The Telegraph
Since 1st March, 1999
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Single phone licence buzz gets louder

New Delhi, Oct 4: The group of ministers (GoM) on telecom which met here today decided to work towards a unified telecom licence, which could see limited mobile operators migrating to the new system and thus continue providing roaming and other facilities which they are officially barred from offering at present.

Limited mobile operators offering roaming or any other service beyond their specified area are currently at risk of facing government action because of a recent ruling of the Telecom Dispute Settlement Apellate Tribunal.

Communication minister Arun Shourie today confirmed that those who were using limited mobiles which offered services beyond their area, were at risk as the service could be snapped.

Shourie said, “Limited mobile subscribers will avail of the service at their on risk and operators will offer at theirs. GoM will decide about the methods that need to be adopted against such operators at the next meeting.”

However, the minister indicated that these limited mobile firms would have the option of providing roaming and other services beyond their area of operation by getting a unified licence.

This implies that operators like Reliance Infocomm and Tata Indicom can continue to offer services which they are not supposed to by simply switching to a new unified licence.

The government can of course direct them to end the call originating from their limited mobiles within the geographical boundaries specified for them, before unified telecom licences come in. But to do so the government will need to bring in equipment and software needed to enforce to limit calls within a specified area.

The GoM also analysed the presentations on the impact of a switchover to a unified telecom licence which will allow licensees to offer all kinds of telecom services — cellular, fixed line, long distance and internet.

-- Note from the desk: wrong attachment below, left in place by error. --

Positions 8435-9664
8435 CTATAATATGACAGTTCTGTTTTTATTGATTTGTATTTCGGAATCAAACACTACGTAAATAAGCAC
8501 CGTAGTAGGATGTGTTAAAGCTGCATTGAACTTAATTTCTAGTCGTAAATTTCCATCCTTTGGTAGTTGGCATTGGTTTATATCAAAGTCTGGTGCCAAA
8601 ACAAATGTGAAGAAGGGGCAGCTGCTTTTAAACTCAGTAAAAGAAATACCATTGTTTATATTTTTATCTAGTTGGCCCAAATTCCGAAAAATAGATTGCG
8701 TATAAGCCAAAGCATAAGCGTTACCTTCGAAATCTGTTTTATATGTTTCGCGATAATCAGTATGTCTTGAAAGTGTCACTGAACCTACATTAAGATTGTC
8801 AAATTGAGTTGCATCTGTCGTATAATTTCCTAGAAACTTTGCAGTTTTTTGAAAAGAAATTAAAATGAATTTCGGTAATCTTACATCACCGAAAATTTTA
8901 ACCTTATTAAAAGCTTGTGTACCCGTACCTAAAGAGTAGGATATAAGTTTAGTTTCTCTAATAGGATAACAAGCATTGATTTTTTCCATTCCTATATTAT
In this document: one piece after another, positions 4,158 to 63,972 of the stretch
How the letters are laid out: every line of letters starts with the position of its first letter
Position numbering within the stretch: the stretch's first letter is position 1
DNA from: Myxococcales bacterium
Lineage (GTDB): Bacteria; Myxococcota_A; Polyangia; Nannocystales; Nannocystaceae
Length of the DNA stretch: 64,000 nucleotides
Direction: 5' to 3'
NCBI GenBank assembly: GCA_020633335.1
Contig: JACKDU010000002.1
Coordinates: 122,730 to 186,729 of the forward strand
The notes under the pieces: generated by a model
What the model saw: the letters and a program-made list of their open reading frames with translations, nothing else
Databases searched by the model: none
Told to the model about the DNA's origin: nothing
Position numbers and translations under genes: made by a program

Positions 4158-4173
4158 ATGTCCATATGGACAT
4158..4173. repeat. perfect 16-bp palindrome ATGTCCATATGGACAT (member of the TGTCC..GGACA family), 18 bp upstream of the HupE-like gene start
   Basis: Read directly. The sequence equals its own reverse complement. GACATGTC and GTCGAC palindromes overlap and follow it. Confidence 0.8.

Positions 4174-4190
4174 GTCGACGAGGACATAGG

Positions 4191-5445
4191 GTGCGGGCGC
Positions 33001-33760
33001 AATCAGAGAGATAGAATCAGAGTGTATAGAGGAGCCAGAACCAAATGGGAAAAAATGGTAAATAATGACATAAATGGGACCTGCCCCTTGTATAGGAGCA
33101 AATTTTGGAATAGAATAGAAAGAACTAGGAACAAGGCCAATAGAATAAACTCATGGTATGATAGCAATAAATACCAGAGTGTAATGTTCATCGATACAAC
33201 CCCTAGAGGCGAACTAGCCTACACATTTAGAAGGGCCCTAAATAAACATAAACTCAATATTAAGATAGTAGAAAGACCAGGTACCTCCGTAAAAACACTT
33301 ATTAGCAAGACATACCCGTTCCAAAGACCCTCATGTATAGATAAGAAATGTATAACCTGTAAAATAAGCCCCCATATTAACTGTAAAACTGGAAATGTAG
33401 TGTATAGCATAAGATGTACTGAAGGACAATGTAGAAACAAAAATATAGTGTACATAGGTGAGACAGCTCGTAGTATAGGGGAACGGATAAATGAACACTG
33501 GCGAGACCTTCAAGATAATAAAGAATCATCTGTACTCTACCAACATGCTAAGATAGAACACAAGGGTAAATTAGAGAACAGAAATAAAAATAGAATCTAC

Telecom Regulatory Authority of India (Trai) chairman Pradeep Baijal and another Trai member made presentations to the GoM which indicated regulatory and executive decisions needed to be taken.

Deepak Parekh, chairman of Housing Development Finance Corporation (HDFC), in a separate presentation highlighted the financial implication for the government and telecom operators for moving from existing licences to a unified licence.

Shourie said, “One has to understand that universal licences cannot be introduced at the switch of a button. It will take time since it involves compensation to one party and fixing a new fee for unification of licences. Different formulas are being discussed and a note has been circulated to members of the GoM.”

On whether the issue of limited mobility and multiple registrations will be linked to unified licences, Shourie said, “It (the issue of limited mobility) has to be linked to universal licence. A note has been circulated among the members of GoM and it will be discussed at the next meeting on October 12 on what methods need to be taken to limit the calls.”

The GoM agreed that the defence ministry will continue to offer communication spectrum based on demand and would not need to allocate spectrum en block.

The GoM also decided that the ministries of finance and communications will work out the modalities for activating universal service fund to step up installation of rural telephones.

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